“A prostitute . . . . ”
I read this story recently and I think it is worthwhile to share. It’s horror is only magnified by the fact this goes on around us and we are possibly unaware, unconcerned or ill-equipped to respond. This story reflects a very harsh, painful reality and before we dismiss it as extreme or irrelevant, we might consider what situations may parallel this in our community and whether and how we would respond. It would be a mistake to disregard this as not possible.
“A prostitute came to me in wretched straits, homeless, sick, unable to buy food for her two-tear-old daughter. Through sobs and tears she told me she had been renting out her daughter – two years old! to men interested in kinky sex. She made more renting out her daughter for an hour than she could earn on her own in a night. She had to do it, she said, to support her own drug habit.
I could hardly bear hearing her sordid story. For one thing, it made me legally liable – I’m required to report cases of child abuse. I had no idea what to say to this woman. At last I asked if she had ever thought of going to a church for help. I will never forget the look of pure, naïve shock that crossed her face. CHURCH! She cried. Why would I ever go there? I was already feeling terrible about myself. They’d just make me feel worse.”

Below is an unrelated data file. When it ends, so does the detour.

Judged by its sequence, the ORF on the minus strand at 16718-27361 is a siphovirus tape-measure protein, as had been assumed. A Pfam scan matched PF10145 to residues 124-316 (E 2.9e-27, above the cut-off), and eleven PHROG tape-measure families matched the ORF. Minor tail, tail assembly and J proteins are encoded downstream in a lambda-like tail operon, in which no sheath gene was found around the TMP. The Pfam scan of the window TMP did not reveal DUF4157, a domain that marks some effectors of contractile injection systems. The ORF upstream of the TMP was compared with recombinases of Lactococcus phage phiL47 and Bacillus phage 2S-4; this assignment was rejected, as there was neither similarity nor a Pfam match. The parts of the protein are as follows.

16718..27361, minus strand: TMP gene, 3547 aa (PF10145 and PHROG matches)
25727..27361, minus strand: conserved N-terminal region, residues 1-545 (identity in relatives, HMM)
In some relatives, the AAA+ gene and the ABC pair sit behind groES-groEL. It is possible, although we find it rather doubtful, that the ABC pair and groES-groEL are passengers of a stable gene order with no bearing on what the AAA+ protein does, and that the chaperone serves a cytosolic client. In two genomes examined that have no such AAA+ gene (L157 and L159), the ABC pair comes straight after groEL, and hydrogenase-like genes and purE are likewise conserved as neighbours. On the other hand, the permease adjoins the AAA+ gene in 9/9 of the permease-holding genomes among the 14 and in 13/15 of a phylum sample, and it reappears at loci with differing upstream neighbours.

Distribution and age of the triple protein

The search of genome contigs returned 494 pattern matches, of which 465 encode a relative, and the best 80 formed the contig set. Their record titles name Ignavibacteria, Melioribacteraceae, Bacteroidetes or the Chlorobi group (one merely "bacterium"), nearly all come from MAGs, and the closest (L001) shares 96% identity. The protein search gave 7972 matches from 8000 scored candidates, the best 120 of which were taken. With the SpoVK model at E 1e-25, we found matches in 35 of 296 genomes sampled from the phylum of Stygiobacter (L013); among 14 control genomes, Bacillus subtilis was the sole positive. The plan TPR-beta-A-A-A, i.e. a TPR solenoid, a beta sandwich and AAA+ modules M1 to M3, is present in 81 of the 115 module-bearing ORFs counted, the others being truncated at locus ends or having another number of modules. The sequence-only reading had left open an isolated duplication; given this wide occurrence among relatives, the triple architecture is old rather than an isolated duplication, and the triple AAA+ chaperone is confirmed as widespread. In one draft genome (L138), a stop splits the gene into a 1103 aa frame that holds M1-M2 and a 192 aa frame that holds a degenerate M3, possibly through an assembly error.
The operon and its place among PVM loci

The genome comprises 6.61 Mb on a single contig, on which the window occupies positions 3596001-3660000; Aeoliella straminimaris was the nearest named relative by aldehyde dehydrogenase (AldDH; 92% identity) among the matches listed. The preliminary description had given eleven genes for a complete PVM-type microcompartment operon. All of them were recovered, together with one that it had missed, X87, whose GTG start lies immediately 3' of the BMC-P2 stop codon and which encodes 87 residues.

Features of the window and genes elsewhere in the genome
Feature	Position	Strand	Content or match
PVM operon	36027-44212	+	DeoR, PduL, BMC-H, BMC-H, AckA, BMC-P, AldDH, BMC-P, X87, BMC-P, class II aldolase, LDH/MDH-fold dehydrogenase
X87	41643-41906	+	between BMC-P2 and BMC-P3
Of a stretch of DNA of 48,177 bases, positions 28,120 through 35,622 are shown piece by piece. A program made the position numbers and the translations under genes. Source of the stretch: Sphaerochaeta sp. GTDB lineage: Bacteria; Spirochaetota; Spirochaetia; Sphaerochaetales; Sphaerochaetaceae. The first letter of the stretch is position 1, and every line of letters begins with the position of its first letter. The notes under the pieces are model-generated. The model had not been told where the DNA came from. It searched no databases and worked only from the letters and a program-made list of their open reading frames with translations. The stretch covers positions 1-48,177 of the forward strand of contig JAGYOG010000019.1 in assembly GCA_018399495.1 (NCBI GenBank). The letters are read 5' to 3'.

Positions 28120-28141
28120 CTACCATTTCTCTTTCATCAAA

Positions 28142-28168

What struck me about this person’s story is that women much like this prostitute fled towards Jesus, not away from Him. The worse a person felt about herself, the more likely she saw Jesus as a refuge. Has the church lost that gift? Too often the down and out, who flocked to Jesus when He lived on earth, no longer feel welcome among His followers. What has happened?
Perhaps we would be wise to retrace Jesus’ steps through the gospel accounts and observe the manner in which Jesus related to others, especially sinners who, when all things are peeled away, are in some way like us. Refresh your memory of how he called Zacchaeus (Luke 19) and Matthew (Matthew 9), how he responded to the woman with the issue of blood or the Gadarene demoniac (Mark 5), and how tenderly he ministered to the woman caught in adultery (John 8) and the woman at the well (John 4). Put yourself in Jesus’ sandals as you walk alongside Him and read these accounts. He was probably hungry, tired from little sleep, weary from long walks, and exhausted from so much ministry to strangers. And while your feet are in His sandals, just pretend a little that the words He spoke could have originated from your lips. Think About It.